My response to the man, of course, was most eloquent and quickly diffused the situation: “Dude, the trailers haven’t even started yet!”.

Yeah. That went over great.

The lecture had been tinged with a deranged undertone (can you really expect any different) and there was a deeply unsettling menace radiating from the man, but none of it at all foreshadowed what came next.

Like the chest burster-from Alien, a hand, his hand, suddenly sliced through the air before smashing into my still warm burrito. The hand impaled the burrito and pressed hard against my chess. A mixture of Mexican food bleed onto the floor, as any illusion of restraint from the man disappeared in the blink of an eye. I tried to save face with a small sardonic smirk, but make no mistake: I was frozen to my very core. Evidently, the man did not appreciate my impudently carved mask. He finished his fearsome rant by tossing my mushed burrito to the ground. Bits of chicken and rice flew in a serene arch through the air and rained down upon the dim floor below. Then the man, mercifully, sulked back around and left me to bathe in my indescribable shock.

But my burrito- my lovely, tasty burrito- was no more.

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Like I said, a tragic story of loss. A story of burrito loss.

The man turned around sometime later to apologize for his outburst before suddenly getting up and leaving midway through the movie. I must admit after recent theater shootings in the news I was definitely (but not at all rightfully) on edge for the next half hour. But thankfully he vanished into the night, never to be seen by me again. In truth, I still feel bad for the man. He was obviously sick, and despite the obstacles our country’s healthcare system provides I hope he gets the help he needs. And while I’ll still laugh about the incident with my friends today, it is nothing but a joke now. A meme. Not some scarring assault. But nevertheless, something did strike me hard that night and leave a mark: the sinking disappointment that I would no longer be allowed to crack jokes or observations with my friends for the rest of the movie.

I try not to be a talker during movies. Truly. I can’t stand people that are. But what in God’s name is the purpose of watching a movie with other people, especially a mediocre one,  if we have to be stone-cold statues the entire time? I don’t just mean talking loudly, of course, that’s infuriating to sit next to. But even whispering. Even breathing emotions into our company’s ears gives the experience a purpose.

What’s the point otherwise?

And indeed I have wondered exactly this to this very day. So many hangouts either culminating in or more often originating for, the purpose of watching a movie together. And yet, despite the rare garbage dump which allowed us the opportunity to turn into the shadows from “Midnight Science Theater 3000”, watching a movie was a silent experience. Like a less holy version of Synagogue. No doubt it gave us a reason to hang out, but all too often that was its main purpose. Sure there’s the element of shared experience, and for the film geeks in our group, it gave something to analyze and debate for hours together. But more so the lack of conversation blasted my ears, and the movie felt like the mandatory commercial break for our hangout. The price of admission for getting to enjoy each other’s company.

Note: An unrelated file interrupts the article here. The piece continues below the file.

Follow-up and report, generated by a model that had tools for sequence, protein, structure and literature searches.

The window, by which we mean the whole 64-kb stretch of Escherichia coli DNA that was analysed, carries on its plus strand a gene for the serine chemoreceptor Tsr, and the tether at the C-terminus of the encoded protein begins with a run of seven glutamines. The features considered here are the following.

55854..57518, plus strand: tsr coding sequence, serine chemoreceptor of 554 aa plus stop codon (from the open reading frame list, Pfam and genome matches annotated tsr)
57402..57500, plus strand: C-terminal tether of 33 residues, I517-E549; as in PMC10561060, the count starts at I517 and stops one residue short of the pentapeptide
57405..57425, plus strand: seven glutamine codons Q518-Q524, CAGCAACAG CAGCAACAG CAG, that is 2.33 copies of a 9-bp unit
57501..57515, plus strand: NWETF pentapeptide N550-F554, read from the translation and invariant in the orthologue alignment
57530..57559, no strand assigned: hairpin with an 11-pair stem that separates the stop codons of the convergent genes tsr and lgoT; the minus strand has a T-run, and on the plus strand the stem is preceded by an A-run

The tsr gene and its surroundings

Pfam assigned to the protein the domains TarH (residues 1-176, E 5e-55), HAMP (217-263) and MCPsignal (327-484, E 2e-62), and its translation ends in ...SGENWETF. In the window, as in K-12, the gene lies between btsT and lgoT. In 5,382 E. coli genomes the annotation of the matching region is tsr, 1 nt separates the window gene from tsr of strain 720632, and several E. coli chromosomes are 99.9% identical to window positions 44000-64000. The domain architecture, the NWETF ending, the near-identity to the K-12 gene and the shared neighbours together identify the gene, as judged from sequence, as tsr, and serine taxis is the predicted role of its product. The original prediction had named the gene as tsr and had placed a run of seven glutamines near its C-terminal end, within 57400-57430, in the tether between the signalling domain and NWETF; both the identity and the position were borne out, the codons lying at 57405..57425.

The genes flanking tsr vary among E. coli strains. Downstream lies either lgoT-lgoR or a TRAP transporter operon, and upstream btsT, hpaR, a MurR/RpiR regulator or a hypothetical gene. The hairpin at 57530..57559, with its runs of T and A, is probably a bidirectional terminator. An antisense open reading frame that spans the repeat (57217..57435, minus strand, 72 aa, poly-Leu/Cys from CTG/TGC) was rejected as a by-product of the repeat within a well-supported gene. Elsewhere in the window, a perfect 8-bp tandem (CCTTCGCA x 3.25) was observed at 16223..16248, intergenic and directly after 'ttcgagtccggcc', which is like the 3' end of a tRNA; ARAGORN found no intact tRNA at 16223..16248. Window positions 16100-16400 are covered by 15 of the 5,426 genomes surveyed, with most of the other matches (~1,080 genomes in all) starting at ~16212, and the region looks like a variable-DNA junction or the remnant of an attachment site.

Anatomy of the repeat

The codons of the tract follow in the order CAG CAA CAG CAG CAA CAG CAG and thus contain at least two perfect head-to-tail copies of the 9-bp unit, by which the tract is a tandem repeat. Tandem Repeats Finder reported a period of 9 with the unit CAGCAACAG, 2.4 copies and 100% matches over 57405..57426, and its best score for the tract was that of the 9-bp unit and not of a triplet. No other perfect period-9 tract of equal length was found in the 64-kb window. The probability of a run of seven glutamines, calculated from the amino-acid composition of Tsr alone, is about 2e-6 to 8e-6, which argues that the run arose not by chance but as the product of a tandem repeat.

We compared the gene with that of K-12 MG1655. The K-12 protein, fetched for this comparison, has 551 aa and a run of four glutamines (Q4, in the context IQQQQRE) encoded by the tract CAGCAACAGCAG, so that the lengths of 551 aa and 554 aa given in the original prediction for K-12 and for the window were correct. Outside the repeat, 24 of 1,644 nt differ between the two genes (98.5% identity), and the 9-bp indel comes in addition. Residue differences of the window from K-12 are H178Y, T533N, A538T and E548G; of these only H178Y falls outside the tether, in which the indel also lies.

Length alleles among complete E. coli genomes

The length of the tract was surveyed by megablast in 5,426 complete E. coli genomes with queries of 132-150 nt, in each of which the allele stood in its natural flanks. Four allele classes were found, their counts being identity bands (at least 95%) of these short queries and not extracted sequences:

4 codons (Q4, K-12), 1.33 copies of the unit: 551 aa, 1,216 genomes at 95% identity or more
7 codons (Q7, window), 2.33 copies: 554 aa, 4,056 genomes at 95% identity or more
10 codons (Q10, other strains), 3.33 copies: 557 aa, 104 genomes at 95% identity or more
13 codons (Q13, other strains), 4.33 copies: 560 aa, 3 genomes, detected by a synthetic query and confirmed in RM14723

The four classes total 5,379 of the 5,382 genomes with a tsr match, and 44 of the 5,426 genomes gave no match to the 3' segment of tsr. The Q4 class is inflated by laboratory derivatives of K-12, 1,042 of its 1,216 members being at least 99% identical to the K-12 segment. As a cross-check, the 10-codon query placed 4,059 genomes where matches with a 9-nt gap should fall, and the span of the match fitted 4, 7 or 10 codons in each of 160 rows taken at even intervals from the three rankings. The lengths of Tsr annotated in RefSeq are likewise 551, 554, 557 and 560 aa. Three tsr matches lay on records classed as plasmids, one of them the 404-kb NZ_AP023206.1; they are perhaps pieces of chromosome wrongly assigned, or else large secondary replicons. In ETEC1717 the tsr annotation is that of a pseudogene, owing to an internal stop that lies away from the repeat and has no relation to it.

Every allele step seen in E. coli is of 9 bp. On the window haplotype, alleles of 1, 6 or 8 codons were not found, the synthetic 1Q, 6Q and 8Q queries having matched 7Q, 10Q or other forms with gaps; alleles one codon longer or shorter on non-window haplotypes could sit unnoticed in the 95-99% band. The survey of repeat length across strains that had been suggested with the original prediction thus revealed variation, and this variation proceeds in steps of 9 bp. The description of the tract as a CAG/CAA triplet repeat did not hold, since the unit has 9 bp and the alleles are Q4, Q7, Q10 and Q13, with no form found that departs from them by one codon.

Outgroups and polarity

So what’s the point of it all? Why in our film culture in America, is everything so precipitated on dead silent theaters being a social experience?

(Part 2 will be released soon.)

The Allure of the Emmys

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The golden trophy rewarded for the pop-culture friendly TV shows.

The transition to college brings many substantial changes with it, but by far one of the biggest ones is a general feeling of disconnect. “Disconnect from what?” you might ask, but of course the question does not have one simple answer. Living on campus you deal with the reality of your campus life. Classes, clubs, dining halls, social interactions, and studying become your life. That’s of course not to say there’s no contact with the outside world. On the contrary, the news is still accessible and phones and email give one the easy ability, of course, to keep in touch with friends and family far away. And yet there is still that feeling, that nagging feeling, like the one I’m sure many have felt on a boat slowly drifting across the horizon. College is a place of purgatory, seemingly separated by sheer cliffs on each side from the golden normalcy of a suburban childhood and the towering mountains of a successful adulthood. Therefore when I saw the news alert that the Emmys had begun, I jumped for the first time in over a month of college to watch live TV.

Be it the Emmys, Oscars, Tonys, Golden Globes, or whatever other knockoff events Hollywood could stuff a few celebs into, my family and I would watch these events with a religious dedication growing up. The pie in the sky high-rises of the American dream roped us in with spectacular showmanship and shared experience: “Hey I saw that movie!” or “Hey I know that actor” were all it really took to be swept off your feet and pulled to the shining rafters. Even when I had no knowledge of the movies or actors present, there was always something so safe about grown-ups talking so damn elegantly.

They were professionals, and by god, they looked the part.

So when that alert danced across my screen I instantly found the excuse I needed to procrastinate on my homework. It was sentimentality, awe, comedy, and the certainty of adult success all rolled into a couple hours.